NEW YORK (Reuters) - New York City’s secret police surveillance of mosques, Muslim businesses and a Muslim student group in New Jersey did not violate the U.S. Constitution, a federal judge ruled on Thursday.
U.S. District Judge William Martini in Newark, New Jersey, threw out a lawsuit brought by several New Jersey Muslims who claimed the New York Police Department illegally targeted them for undercover monitoring solely because of their religion.
The police department’s widespread program was first revealed in a series of articles by the Associated Press, which reported that officers had infiltrated Muslim organizations throughout the region following the World Trade Center attacks of September 11, 2001.
The plaintiffs in the case, led by Syed Farhaj Hassan, a U.S. Army reservist, claimed the program impaired their freedom of expression, caused them to stop attending religious services and threatened their careers.
In a 10-page ruling, Martini said the city had persuasively argued that its surveillance was intended as an anti-terrorism, not an anti-Muslim, measure.
“While this surveillance program may have had adverse effects upon the Muslim community after the Associated Press published its articles, the motive for the program was not solely to discriminate against Muslims, but rather to find Muslim terrorists hiding among ordinary, law-abiding Muslims,” Martini wrote.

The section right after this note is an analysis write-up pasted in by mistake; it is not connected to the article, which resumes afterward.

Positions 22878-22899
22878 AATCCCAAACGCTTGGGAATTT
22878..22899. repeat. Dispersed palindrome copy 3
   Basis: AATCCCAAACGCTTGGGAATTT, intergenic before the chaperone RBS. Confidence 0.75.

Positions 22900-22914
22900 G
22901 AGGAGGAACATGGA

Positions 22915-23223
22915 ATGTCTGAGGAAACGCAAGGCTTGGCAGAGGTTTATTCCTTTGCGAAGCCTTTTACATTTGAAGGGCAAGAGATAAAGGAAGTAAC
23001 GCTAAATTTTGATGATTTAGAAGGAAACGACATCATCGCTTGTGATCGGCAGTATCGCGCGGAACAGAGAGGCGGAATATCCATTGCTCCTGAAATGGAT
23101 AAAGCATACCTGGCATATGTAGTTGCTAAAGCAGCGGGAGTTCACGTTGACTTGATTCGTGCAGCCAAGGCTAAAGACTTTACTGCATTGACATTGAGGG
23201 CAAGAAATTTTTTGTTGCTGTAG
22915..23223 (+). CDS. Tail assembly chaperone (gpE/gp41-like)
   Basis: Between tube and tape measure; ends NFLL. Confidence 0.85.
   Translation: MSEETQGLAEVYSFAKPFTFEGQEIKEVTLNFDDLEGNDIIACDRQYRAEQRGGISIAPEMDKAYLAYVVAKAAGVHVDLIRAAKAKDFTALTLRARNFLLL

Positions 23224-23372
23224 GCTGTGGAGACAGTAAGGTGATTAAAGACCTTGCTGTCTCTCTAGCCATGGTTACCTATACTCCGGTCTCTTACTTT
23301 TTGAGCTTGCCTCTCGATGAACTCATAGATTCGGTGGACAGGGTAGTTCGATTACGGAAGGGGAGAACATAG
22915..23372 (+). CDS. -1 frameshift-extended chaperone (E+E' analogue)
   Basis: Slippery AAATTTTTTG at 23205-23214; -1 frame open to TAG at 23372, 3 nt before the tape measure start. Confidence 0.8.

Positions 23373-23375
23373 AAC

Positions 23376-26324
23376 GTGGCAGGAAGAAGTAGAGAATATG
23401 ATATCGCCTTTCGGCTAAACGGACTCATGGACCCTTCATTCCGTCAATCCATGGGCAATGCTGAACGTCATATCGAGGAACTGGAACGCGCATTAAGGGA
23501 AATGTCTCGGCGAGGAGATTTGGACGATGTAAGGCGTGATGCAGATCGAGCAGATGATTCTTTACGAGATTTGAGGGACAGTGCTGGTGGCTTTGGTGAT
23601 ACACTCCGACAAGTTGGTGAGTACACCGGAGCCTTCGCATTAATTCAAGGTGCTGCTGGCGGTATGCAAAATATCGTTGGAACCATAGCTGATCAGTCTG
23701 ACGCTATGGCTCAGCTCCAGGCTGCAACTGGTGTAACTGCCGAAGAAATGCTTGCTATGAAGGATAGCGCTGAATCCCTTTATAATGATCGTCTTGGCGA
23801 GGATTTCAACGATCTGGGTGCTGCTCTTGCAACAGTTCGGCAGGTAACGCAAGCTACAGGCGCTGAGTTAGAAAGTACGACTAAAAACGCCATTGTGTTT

Baher Azmy of the Center for Constitutional Rights, which filed the lawsuit along with a group called Muslim Advocates on behalf of several Muslim individuals and groups, compared Martini’s decision to the U.S. Supreme Court’s ruling in 1944 that the internment of Japanese-Americans during World War II was constitutional.
“The decision gives legal sanctions to broad, undifferentiated racial and religious profiling,” he said, calling it a “dangerous” finding. Azmy said the plaintiffs would appeal the decision.
A spokesman for the city’s law department declined to comment.
The New York Civil Liberties Union has filed a similar federal lawsuit against New York City in Brooklyn, which remains pending.
In addition, a group of civil rights lawyers have filed court papers in Manhattan federal court claiming the city’s surveillance runs afoul of a longstanding court order governing how police can monitor certain political organizations.
Former New York City Mayor Michael Bloomberg and police officials defended the program as vital to anti-terrorism efforts. It is unclear whether the new mayor, Bill de Blasio, will change the city’s legal approach to the surveillance issue.
Reporting by Joseph Ax; Editing by Ken Wills